US negotiations provide new routes for UK sheepmeat, says NSA
The National Sheep Association (NSA) is welcoming the news that UK and US trade discussions are to continue following disruptions caused by the coronavirus pandemic but says the standards of British food must be protected.
NSA chief executive Phil Stocker said: “NSA is pleased to hear these negotiations are now beginning after the concerning delay following the Covid-19 outbreak. We believe there are valuable opportunities for both our industry and the US sheep industry, in Britain, getting access for lamb and mutton into the US.
“The US sheepmeat market is highly underdeveloped with very low lamb consumption across the country, and I am convinced that our genetics and British lamb and mutton, very different products to those produced by most US sheep farmers, could help stimulate real interest amongst American consumers and in turn help US sheep farmers see some growth.
“For us, access into the US could create demand for those high-value cuts, particularly sheepmeat with provenance and a story simply because of the close connections between our countries and the huge interest in our culture and heritage – an aspect which sheep farming is steeped in.
“We welcome statements from Ministers and Government officials that in terms of reciprocal trade our standards will be protected, and while as a general statement the Government is enthusiastic about free and open trade it does recognise that agriculture and food, like the NHS, is an industry that requires a level of protection…”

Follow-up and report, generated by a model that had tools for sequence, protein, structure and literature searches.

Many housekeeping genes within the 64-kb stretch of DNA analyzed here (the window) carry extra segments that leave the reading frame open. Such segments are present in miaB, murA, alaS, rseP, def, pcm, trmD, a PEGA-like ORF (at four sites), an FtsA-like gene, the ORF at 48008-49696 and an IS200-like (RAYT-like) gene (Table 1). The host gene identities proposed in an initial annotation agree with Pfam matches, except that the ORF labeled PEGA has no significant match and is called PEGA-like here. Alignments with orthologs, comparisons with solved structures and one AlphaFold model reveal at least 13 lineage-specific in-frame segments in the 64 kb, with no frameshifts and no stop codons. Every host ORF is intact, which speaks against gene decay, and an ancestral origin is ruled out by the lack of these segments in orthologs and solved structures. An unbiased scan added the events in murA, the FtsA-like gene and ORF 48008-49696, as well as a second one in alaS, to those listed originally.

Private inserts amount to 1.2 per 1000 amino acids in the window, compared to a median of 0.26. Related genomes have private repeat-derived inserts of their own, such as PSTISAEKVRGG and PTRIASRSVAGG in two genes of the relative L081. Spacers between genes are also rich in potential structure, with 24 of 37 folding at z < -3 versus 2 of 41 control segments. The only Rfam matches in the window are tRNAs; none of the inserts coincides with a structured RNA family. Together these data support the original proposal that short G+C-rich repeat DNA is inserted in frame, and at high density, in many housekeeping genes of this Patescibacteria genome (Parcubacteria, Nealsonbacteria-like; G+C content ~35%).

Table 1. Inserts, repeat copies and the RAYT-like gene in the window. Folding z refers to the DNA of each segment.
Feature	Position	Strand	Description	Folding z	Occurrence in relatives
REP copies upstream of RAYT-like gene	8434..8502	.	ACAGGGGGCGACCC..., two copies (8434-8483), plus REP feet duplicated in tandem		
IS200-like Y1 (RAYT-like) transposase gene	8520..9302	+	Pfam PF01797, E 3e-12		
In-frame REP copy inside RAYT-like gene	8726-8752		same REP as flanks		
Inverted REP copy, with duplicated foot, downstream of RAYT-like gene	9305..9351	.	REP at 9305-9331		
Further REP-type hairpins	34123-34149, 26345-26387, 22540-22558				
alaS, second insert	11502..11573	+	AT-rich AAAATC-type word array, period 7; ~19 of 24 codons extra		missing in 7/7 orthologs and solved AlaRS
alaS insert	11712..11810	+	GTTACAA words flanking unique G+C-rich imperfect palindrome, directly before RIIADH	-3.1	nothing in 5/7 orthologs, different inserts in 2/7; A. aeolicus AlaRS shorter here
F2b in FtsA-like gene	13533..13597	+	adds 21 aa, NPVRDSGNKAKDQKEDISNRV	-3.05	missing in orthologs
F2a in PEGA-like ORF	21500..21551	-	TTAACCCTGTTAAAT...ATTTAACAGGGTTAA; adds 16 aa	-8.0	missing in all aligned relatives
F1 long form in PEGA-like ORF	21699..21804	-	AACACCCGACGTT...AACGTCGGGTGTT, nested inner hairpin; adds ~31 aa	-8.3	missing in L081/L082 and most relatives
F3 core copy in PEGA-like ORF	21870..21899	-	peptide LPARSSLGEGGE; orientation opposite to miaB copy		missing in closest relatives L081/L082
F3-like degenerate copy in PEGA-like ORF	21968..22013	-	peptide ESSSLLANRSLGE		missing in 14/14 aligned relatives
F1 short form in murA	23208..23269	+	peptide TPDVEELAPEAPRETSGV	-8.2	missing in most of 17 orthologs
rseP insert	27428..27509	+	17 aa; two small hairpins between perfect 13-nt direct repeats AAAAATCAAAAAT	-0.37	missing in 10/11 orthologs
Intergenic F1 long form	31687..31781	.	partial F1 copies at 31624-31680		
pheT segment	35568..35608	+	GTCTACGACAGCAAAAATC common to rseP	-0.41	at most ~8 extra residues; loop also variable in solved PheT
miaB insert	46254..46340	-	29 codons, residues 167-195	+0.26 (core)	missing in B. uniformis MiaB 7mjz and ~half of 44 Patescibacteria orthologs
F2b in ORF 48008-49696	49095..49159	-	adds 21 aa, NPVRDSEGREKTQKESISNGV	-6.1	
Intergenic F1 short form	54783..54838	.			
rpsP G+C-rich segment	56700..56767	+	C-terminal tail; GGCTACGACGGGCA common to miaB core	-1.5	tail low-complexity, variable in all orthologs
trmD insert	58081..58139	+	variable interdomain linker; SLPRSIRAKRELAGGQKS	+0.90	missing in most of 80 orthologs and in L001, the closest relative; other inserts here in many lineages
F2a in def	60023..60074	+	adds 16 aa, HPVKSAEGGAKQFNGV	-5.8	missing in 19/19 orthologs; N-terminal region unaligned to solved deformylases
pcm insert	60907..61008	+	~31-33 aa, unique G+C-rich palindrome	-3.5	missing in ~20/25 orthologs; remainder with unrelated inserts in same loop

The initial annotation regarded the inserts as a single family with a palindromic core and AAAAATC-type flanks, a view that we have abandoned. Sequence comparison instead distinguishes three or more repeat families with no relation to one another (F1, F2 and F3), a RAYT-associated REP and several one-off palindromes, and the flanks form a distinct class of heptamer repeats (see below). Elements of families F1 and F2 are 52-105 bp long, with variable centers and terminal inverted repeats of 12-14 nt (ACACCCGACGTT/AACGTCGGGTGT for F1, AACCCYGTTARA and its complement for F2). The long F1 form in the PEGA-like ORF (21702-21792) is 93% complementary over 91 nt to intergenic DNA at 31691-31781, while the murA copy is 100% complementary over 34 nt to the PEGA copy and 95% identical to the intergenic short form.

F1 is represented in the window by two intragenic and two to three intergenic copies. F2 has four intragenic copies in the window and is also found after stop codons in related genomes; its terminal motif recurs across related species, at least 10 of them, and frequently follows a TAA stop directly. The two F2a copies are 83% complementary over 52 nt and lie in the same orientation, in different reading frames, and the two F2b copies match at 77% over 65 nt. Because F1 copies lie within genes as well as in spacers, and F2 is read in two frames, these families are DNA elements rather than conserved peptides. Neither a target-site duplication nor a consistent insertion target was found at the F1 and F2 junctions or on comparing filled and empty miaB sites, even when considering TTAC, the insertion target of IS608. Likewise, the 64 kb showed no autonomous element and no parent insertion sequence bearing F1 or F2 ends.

“We don’t see this as an alternative to the EU market, but it would be a positive trade that would complement both our exports and our domestic market. This is particularly prudent at current as the ongoing Covid-19 pandemic has shown how reliant our industry is on the catering and hospitality market and I could see future US demand for British lamb and mutton coming in alongside our own catering markets, all of which help to balance carcase demand and optimise value across the entire sheepmeat product range.”
A number of industry bodies and organisations have spoken about the need to maintain British standards in food during any potential trade deals.
In January, 64 organisations, including the NSA, National Farmers Union (NFU) and the British Poultry Council (BPC) signed a joint statement addressed to the Government calling for a firm stance on welfare and environmental standards in any trade deals that are negotiated after the UK leaves the EU.
Stocker continued: “We welcome statements from Ministers and Government officials that in terms of reciprocal trade our standards will be protected, and while as a general statement the Government is enthusiastic about free and open trade it does recognise that agriculture and food, like the NHS, is an industry that requires a level of protection and I do expect the commitments not to undermine our unique approach to farming, food, and the environment to be upheld.”